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Discussion in 'Chicken Behaviors and Egglaying' started by Farmer Kitty, May 22, 2008.
What is the cause of porus eggs shells?
I was wondering that myself...I wonder if it has something to do with the diet?
Anyone? I was wondering about genetics or stress?
2. Lack of sufficient calcium, phosphorus, manganese or vitamin D3
3. Vitamin D2 mistakenly substituted for D3
4. Excess phosphorus consumption, especially by older hens
5. Ingestion of sulfanilamide (sulfa drugs)
6. Disease: Newcastle disease, infectious bronchitis, avian influenza, Egg Drop Syndrome 76
7. Hens exposed to temperature over 85-90°F
8. Age of hens: incidence higher with older hens
9. Premature laying of the egg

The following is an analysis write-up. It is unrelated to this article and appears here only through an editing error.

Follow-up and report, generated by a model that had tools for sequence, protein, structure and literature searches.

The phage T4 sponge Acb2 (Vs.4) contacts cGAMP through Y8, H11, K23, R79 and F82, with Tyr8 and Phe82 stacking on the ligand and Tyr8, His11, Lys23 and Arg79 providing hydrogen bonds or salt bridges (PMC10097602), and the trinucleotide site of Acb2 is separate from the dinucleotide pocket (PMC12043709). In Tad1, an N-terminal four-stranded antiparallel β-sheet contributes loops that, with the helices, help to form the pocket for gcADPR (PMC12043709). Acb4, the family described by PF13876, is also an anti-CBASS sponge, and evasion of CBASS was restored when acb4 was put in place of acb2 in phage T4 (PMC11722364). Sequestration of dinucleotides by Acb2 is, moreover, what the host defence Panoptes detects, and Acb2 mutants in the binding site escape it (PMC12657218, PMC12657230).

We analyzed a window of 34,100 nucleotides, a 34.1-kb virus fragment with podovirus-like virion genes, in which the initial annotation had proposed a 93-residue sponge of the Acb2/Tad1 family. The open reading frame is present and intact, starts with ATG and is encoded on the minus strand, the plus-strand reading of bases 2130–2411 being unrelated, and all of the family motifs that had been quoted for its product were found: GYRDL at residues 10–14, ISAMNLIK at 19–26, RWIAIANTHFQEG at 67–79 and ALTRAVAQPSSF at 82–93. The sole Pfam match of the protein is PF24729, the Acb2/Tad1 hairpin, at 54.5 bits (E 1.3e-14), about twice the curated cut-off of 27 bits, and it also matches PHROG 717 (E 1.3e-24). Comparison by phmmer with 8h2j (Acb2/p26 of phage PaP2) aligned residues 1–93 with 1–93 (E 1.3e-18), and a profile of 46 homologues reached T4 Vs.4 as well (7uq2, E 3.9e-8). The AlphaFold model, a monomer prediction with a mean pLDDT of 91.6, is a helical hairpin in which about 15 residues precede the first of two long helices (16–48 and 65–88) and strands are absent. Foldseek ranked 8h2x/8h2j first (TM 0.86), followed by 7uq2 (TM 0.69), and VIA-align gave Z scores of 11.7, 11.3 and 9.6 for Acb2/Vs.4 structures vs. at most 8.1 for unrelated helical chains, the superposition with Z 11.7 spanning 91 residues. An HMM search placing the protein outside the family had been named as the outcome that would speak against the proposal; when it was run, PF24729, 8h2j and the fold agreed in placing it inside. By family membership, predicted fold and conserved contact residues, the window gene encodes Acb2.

University of Florida Extension
Quote:Thankyou, coopist! Now all I have to do is figure out which applies.
1. Hatchery chicks-no clue on the genetics.
2, 3, 4. Get fed a complete layer ration with treats limited so I think I can rule these out.
5. I haven't treated them with anything and they are in their coop and run so they couldn't have gotten into anything.
6. Not familiar with all these diseases so I'll have to brush up on them.
7. We have trouble getting temps in the 70's.
8. Their just one year old. May 16th!
9. It would have to apply to the majority on a regular basis. I doubt it.
Have you tried mixing a little egg-shell or oyster shell into their food? My hens will lay porous shells every now and then, but I just beef up their calcium and it seems to take care of the issue...
I feed back the egg shells. Maybe I will have to see about getting some Ostershells too. Their shells are nice and thick and strong. Mom has told me to quit feeding whatever I'm feeding that makes them so hard to crack!
I occasionally have porus shells with my girls too. I have found it's the all natural, non-gmo feed I get from the Amish. It doesn't have enough calcium and I have to supplement a bit of ground oyster shell with their feed.